German punk scene veterans and Sindelfingen-based band, WIZO, have been tirelessly performing on stages across the world for the past 30 years and have recently embarked on their current tour along with an Allen & Heath dLive system.

Sound engineer for the band, Falk Gruber, has been supporting the band for many years on FOH. "Our touring life used to be hard work" laughs Gruber, "The unending sound checks, constantly using different FOH and monitor consoles or outboard equipment (which varies in functionality), was difficult. Our goal was to reduce the production to a minimum (technically) and to optimise the setup and dismantling times as well as soundcheck, in order to have as much energy as possible for the actual show. Now, we need just two hours from the load-in to the end of the sound check!"

A dLive S7000 surface positioned at FOH, along with a DM32 MixRack located on stage, performs both FOH and MON duties. The 32 channels are split internally, channels 1 - 32 are available for the FOH mix and channels 51 - 82 are used for in-ear monitoring, enabling independent processing of the FOH and MON channels. All musicians use an IP6 Remote Controller for personal monitoring on stage, allowing them to adjust their own individual IEM mixes.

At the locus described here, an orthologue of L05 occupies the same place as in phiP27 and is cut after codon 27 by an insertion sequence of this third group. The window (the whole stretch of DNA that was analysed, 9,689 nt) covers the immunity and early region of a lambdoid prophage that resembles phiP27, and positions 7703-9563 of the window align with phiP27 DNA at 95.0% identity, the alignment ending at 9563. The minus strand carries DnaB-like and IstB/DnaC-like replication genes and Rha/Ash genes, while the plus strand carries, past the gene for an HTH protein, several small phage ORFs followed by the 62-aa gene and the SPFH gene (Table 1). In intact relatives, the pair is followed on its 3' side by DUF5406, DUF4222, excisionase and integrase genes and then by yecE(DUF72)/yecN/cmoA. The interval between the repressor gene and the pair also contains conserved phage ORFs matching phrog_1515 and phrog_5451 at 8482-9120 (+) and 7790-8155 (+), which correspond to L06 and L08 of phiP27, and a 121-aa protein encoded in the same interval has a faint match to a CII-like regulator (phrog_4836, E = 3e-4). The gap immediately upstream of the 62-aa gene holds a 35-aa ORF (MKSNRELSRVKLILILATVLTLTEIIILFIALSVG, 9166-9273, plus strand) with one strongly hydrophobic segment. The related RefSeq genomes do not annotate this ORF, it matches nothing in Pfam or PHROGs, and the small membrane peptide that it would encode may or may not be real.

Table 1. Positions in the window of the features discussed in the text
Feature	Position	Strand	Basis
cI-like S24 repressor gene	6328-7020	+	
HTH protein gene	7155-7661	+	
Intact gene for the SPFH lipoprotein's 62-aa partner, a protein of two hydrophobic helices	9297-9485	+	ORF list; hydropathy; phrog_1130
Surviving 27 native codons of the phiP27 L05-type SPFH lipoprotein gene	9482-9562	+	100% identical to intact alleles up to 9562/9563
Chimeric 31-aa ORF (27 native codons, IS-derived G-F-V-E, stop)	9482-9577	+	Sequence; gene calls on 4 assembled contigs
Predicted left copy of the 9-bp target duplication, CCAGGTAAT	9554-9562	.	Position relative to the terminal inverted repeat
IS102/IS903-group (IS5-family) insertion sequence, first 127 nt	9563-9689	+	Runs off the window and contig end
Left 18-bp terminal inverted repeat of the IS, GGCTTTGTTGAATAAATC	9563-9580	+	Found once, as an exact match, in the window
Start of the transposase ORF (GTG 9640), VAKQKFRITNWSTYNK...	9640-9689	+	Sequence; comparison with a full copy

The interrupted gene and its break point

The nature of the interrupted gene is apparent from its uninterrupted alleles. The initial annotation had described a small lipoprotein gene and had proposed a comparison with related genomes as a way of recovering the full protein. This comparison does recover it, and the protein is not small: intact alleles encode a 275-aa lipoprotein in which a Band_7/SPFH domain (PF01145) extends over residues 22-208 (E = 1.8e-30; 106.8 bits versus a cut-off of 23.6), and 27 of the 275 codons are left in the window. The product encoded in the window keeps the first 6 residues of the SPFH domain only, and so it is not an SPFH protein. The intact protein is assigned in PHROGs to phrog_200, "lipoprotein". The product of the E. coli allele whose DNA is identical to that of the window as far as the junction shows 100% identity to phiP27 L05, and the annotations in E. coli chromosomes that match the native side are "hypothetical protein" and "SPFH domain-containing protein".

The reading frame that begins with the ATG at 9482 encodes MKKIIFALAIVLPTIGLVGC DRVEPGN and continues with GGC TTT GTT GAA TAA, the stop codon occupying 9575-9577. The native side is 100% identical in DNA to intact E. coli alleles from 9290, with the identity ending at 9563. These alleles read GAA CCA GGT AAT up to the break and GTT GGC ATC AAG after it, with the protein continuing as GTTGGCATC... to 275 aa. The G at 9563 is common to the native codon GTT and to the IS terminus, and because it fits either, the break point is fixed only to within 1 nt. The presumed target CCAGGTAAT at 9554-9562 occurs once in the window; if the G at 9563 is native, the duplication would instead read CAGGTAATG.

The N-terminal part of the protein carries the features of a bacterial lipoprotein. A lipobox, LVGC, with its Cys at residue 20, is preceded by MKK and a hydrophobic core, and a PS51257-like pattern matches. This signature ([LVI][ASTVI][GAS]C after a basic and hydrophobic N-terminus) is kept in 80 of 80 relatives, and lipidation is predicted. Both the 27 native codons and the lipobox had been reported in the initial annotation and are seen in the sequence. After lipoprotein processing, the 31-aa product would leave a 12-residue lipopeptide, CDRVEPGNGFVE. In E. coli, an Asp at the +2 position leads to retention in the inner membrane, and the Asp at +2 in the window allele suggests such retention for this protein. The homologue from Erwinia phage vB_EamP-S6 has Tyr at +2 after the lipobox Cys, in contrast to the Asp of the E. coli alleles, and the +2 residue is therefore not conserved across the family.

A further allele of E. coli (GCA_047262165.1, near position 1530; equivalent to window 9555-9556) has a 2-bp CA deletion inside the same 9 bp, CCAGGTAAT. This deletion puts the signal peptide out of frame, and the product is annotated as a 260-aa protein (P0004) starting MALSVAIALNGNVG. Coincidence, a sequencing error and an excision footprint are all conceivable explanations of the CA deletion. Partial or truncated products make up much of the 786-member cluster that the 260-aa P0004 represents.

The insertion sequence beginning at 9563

"I have a strong background in analogue and haven’t been able to ‘make friends’ with digital systems for a long time," explains Gruber. "dLive allows me to transfer my analogue thinking to a digital system. The operation is really intuitive, and I can configure the console like an old analogue one. Even the harsh digital sound I used to criticise often is a thing of the past. "

"Of course, the routing and the effect possibilities are fantastic too," continues Gruber. “I like how you have many different compressors built-in and can add them to any channel, and graphic EQs on all mix outputs without resorting to rack FX is very luxurious. I'm also a huge fan of dLive's Dyn8 multiband compressor. It’s the perfect digital system for people of my generation – it’s even survived the mandatory beer showers so far without permanent damage!"

Photos by: Pascal Swoboda